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Dale Furutani is the first Asian American to win major mystery writing awards. He's a third generation Japanese American (a Sansei), born in Hilo, Hawaii, on December 1, 1946.

His family is originally from Suo-Oshima Island, which is south of Hiroshima. Ten members of his family landed on the island in a small boat in 1869. The passengers in the boat were all women and children under ten. Why no adult men from the Furutani family were in the boat is unexplained.  The reason for this strange occurrence was investigated by Dale’s uncle, who was a poet and award-winning journalist fluent in both English and Japanese, but no definitive answer was uncovered (research was hampered by numerous Japanese records destroyed during WWII).


Dale’s clan is the Matsudaira, which was a branch of the Tokugawa Shogunate family, so there is some speculation that the women and children in the family being set adrift in a boat may be related to the Meiji Revolution and the overthrow of the Tokugawa Shogunate, but there is no definitive answer to this mystery. Note: In Japan a clan included people of all classes, from peasants to samurai to nobles, so being a member of the Matsudaira clan does not denote any particular social rank.


His grandfather grew up on the island to be a fisherman. He was exceptionally tall for the Japanese of that era (almost six-feet), and was earning a man’s share of the catch by the time he was ten. In 1896 Dale’s grandfather and grandmother came to Hawaii to work on the sugar plantations as indentured servants. His grandfather soon escaped his contract and eventually became a successful fisherman, until his fishing boat was taken from him during World War II. The U.S. government decided that since his fishing boat had a radio, he might by a spy.


Dale's mother was at Pearl Harbor during the infamous attack on December 7, 1941. She was at a church camp over the harbor, and could see the attack unfold below her. During the war she worked for the American Red Cross in Honolulu.


When he was five, Dale was adopted by John Flanagan when John married his mother. The family moved to California and there he met with racial prejudice for the first time, as he was virtually the only Asian in his school.


Dale went to California State University, Long Beach, where he received a degree in Creative Writing, and UCLA, where he received an MBA in Marketing and Information Systems. He worked his way through undergraduate school writing articles and serving as a contributing editor for various magazines. He’s had over 250 articles published, as well as three non-fiction books about computers. He has won prizes for his poetry and had a one-act play produced while he was in college.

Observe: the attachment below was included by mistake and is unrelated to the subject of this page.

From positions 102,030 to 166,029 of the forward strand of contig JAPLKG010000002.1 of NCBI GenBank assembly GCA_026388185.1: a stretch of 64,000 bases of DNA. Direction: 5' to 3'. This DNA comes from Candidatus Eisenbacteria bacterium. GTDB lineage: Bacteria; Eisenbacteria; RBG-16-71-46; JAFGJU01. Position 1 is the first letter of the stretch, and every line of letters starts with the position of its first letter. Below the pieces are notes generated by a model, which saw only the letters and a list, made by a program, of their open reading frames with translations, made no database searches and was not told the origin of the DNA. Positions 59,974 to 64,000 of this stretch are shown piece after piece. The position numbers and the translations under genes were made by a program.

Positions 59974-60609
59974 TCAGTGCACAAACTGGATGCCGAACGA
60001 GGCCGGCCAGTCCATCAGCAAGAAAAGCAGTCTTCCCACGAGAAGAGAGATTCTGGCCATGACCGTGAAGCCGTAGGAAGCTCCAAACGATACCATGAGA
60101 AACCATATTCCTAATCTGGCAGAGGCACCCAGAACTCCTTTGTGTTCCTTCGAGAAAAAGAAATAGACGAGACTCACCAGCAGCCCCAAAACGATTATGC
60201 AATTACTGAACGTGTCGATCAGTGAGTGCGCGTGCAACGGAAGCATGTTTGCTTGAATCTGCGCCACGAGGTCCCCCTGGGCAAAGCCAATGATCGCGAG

Dale started writing book-length fiction late in life. Death in Little Tokyo, his first novel, appeared in 1996. It's set in the Little Tokyo and Silver Lake districts of modern Los Angeles. It won an Anthony Award, a Macavity Award, and was nominated for the Agatha Award. This was the first time that an Asian American won major mystery awards.


In 1998 he launched a second mystery series, set in 1603 Japan and featuring a ronin (masterless samurai) as the detective. The first book in the series was Death at the Crossroads. Jade Palace Vendetta was the second book in the series and it received a coveted starred review in Publisher's Weekly. Kill the Shogun, the third book in the series, was on the Los Angeles Times Fiction Bestseller list.


For over 30 years, Dale has owned a small consulting company that specializes in the automotive industry. His many clients have included Nissan USA, Nissan Japan, Subaru, J.D. Power and Associates, Land Rover North America, Mitsubishi Motor Japan, Xerox, GE, Oracle Software, PriceWaterhouseCoopers Consulting, Cap Gemini Ernst & Young Consulting, and Isuzu. He has also served as President of a software company, Parts Marketing Manager for Yamaha Motorcycles, Director of Information Technology for Nissan USA and the CIO of an Internet company.


Dale has been married over 40 years, and he and his wife Sharon live in the Pacific Northwest, near Seattle. He has spent extensive time in Los Angeles, Portland, Tokyo and Las Vegas. While living in Los Angeles, he and his wife were honored by the City of Los Angeles for their efforts to preserve and protect Silver Lake Reservoir. In 2000, Dale was chosen as one of the “44 Faces of Diversity” by the City of Los Angeles and the Los Angeles Convention Bureau. His face appeared on street banners throughout the City, including the Los Angeles Airport, Olvera Street, and Westwood.


Around 2001, while living in Japan, Dale became ill with the first of several major health problems, including serious infections, peritonitis, various operations, and cancer. He stopped writing for several years while his health improved. Finally, in 2012, he was able to complete a new book, The Curious Adventures of Sherlock Holmes in Japan, which is available on both the Kindle reader and in trade paperback. All his prior novels are also available on the Kindle reader.